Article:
The Widow or Widower Next Door

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The rest of the world can learn from Irish funeral traditions

Mary Kenny


I encountered a young Irishwoman not long ago, who talked to me about having spent some time working in Germany. It was very rewarding and fulfilling, and she was glad to get away from Ireland, where, she felt, there were still some puritanical and inhibited attitudes to sexuality. In Germany, by contrast, she found people were much more open and natural in their attitudes to relationships and she thought that much better.


But then, her father died: and she was disappointed by how stilted and tight-lipped her German friends were about death. They couldn't talk about it. Sometimes they couldn't even express their condolences and feelings. When she returned to Ireland for the funeral, she felt so grateful for the Irish attitude to death - so graceful, so natural, so open.

And this isn't a unique experience: I've known many other Irish people across the diaspora who have said this - that when they came home for a funeral, or to attend to a dying relative, they hugely appreciated the Irish approach to death, including the practice of the "open coffin", which is an old Irish custom which has had quite a revival. Two of my oldest friends, June Levine and Mary Holland, were both waked in their Dublin homes with an "open coffin", and the dear departed lying in it, while we visited, paid our respects, talked and took refreshments.

This, I think, would be regarded with horror in England - except among certain ethnic minorities who have funeral rituals that do not conform to the norm. The English also avoid confronting death by keeping it private and formal: in England, you don't attend a funeral unless invited. "Oh, I didn't go to her funeral because I wasn't invited." As though it were a cocktail reception.

But a death is a public event in that it's on the public record, and the public nature of a funeral should be part of an open society, not only so that individuals can be mourned as part of the community, but to ensure that foul play is not in question (or the worst nightmare of all - being mistakenly buried alive: it has happened).

So I'm a great champion of the Irish way of death, which I regard as comforting and civilised; and I'm somewhat surprised by a recent survey which found that people in Ireland today feel that attitudes to death aren't honest and open enough. An increasing number of people - now at 57pc, previously at 51pc - say we don't discuss death and dying candidly. We should talk about it more. We should talk about how we want to die - we don't want to die alone (which makes Hold My Hand, I'm Dying a great title) and we'd really like to die at home, surrounded by those we love.

Maybe when people become more sexually liberated, they become correspondingly more inhibited about discussing death?

One of the biggest changes over the period of the last, say, 60 years, is that many people do not actually witness a death until they are well into adulthood: maybe not until their 40s. When life expectancy was shorter, even children were introduced to death at an early age. But as life expectancy increased - for which we are all glad, especially those of us who are edging nearer to the departure lounge - it also became, like everything else, more medicalised, and dying people were whisked away to the curtained corner of a hospital ward.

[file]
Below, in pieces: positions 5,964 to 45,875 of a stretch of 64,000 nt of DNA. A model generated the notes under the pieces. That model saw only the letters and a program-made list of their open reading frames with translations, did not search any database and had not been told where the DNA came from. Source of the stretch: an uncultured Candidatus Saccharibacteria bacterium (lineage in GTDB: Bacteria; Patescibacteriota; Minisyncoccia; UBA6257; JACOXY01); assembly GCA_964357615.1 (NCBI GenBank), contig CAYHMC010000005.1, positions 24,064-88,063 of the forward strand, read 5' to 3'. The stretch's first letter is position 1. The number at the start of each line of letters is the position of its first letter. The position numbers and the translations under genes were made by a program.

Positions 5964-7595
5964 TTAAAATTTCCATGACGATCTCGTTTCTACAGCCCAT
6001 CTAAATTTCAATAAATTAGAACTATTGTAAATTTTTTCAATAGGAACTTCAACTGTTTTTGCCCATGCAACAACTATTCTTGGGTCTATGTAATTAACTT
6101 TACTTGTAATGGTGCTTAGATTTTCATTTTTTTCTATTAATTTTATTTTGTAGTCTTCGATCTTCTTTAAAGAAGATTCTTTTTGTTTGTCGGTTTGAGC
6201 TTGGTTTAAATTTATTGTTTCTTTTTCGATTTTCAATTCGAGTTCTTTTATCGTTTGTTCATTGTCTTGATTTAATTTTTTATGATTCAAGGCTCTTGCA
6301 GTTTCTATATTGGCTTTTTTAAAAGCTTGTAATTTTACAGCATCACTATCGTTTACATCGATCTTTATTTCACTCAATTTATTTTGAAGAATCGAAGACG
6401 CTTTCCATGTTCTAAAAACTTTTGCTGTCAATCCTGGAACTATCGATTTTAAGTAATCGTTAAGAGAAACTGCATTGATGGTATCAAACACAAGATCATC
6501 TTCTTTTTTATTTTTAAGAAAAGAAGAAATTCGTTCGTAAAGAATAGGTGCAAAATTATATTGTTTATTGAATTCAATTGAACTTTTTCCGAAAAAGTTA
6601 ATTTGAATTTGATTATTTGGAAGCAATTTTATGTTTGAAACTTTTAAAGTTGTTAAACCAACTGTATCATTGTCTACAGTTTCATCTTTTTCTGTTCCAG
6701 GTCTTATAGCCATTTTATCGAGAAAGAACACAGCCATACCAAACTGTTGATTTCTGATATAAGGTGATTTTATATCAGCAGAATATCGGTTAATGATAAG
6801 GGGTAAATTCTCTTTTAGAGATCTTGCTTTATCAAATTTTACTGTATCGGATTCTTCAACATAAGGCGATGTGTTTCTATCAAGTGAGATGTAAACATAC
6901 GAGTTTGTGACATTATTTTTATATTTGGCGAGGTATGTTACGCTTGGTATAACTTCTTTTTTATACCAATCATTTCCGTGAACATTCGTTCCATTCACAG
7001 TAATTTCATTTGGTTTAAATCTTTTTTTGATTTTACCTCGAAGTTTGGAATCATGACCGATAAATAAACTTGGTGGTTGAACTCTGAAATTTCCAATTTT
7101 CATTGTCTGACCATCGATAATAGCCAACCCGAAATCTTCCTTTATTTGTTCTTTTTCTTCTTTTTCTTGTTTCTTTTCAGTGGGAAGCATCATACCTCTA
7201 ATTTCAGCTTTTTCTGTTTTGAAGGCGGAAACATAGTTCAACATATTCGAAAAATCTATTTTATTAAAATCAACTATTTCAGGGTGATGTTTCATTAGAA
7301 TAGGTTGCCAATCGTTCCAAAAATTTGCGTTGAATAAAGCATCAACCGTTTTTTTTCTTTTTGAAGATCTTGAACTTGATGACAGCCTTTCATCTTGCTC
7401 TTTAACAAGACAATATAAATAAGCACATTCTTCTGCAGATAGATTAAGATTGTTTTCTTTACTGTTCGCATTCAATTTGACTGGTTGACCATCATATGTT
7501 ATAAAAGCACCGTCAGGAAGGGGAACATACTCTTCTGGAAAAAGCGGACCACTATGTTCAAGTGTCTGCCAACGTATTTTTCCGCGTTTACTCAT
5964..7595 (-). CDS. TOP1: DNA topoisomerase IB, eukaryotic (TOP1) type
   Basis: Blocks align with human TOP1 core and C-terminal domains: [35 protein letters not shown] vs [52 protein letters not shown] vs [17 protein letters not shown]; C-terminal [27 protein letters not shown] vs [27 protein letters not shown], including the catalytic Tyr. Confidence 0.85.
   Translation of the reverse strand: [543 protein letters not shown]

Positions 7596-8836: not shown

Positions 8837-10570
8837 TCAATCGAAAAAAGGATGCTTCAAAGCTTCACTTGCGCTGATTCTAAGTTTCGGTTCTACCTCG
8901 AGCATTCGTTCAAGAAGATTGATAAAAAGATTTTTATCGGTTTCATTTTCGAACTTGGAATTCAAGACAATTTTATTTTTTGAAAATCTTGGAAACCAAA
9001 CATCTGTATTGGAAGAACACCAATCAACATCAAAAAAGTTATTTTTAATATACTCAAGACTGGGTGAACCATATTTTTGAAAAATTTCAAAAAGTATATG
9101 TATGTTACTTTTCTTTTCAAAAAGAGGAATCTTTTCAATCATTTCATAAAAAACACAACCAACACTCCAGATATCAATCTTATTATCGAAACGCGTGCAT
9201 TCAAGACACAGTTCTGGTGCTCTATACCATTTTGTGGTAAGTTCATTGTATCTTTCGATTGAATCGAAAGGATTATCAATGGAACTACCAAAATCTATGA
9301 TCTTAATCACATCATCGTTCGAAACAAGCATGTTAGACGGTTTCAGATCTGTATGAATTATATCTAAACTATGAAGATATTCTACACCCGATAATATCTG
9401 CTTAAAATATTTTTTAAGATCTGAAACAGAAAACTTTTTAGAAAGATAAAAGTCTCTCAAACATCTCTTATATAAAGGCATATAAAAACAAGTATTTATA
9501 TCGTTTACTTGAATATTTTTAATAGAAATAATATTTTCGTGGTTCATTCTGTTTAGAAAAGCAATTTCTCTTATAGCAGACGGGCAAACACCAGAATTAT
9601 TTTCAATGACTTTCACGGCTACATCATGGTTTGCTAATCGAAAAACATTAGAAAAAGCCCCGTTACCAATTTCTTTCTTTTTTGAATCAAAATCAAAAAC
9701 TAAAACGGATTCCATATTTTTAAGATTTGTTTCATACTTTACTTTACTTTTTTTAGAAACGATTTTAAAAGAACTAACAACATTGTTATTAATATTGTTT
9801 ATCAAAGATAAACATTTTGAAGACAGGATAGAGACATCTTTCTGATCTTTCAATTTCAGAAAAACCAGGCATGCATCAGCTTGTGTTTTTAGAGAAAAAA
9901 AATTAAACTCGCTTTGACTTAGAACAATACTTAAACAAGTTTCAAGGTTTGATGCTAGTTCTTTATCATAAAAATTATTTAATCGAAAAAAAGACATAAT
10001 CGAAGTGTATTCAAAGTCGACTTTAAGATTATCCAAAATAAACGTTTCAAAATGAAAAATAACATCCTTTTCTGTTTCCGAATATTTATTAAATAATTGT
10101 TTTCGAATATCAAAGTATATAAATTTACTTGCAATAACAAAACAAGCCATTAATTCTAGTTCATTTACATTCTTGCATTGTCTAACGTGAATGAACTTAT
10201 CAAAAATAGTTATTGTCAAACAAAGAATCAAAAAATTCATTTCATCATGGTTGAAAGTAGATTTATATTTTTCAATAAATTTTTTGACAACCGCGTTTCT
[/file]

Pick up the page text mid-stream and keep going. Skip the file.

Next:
I was once in a London hospital ward - with a bout of pneumonia - when a patient died. A conjuring trick was performed with nurses and medics quickly drawing curtains, and with amazing speed and efficiency they somehow magicked the body out of the ward and into the morgue. As though death were, somehow, obscene.

The death survey which disclosed how we would like to die was all fine and dandy, and why shouldn't we specify just how we would like to leave this world? We're given "choice" in everything else now, so why not "choice" in death? Oh grand. But I'm not that confident that such wishes can always be realised. I still think that line from the New Testament is true and wise: "You know not the day nor the hour".

You can plan as much as you like (and yes, plan your funeral, otherwise your heirs and successors will be furious to be lumbered with the cost), but you don't know from one day to the next what might occur. I have too much experience of losing friends and family to death to take any other view: what happens, happens. Life takes us by surprise, and so, sometimes does death. A tremor in the hand heralds the onset of MS, an annoying back pain turns out to be spinal cancer, or a sepsis occurs during a wisdom tooth extraction - all cases I have known - and our "choices" are neither here nor there.

People have prayed for a happy death for aeons, so there's nothing new in hoping to have an easy passage, or even, probably, speeding up the final curtain. But I think it's tempting fate to announce that you are going to control the ending of your life. The wisest utterance that any politician ever made was Harold Macmillan's explanation of how big changes occur to human experience: "Events, dear boy, events". It's what we don't plan that socks us in the jaw.

We all hope to leave the stage gracefully, and like my young friend who worked abroad, "bas in Éireann" is, surely, a blessing to be wished, though it cannot always be chosen. November, month of memorials, is the time to reflect on it all.


Irish Independent


Watch Mary Lee's TV Interview About "Set an Extra Plate", Grief Diaries Books, and "Project Little Elf"



Watch Mary Lee's interview on TV at HTC's River Talk, as she explains "Set an Extra Plate", "Project Little Elf" and the concept behind Grief Diaries. Click on the link below to view.




"Project Little Elf" or How to Make a Sad Person's Christmas a Joyful Christmas, in 12 Easy Steps!


Want to make someone sad be glad for Christmas? Know someone who has recently lost a loved one? Project Little Elf shows you how in 12 easy steps. Become a Secret Santa and teach your kids compassion. 


INSTRUCTIONS : Project Little Elf is a fun family experience that teaches kids to be givers of kindness by pairing them with the perfect recipient: the newly bereaved. Leaving a small gift every night for 12 nights on the porch of someone with a heavy heart offers a delightful lesson in compassion, and leaves both giver and receiver with memories they’ll treasure for life.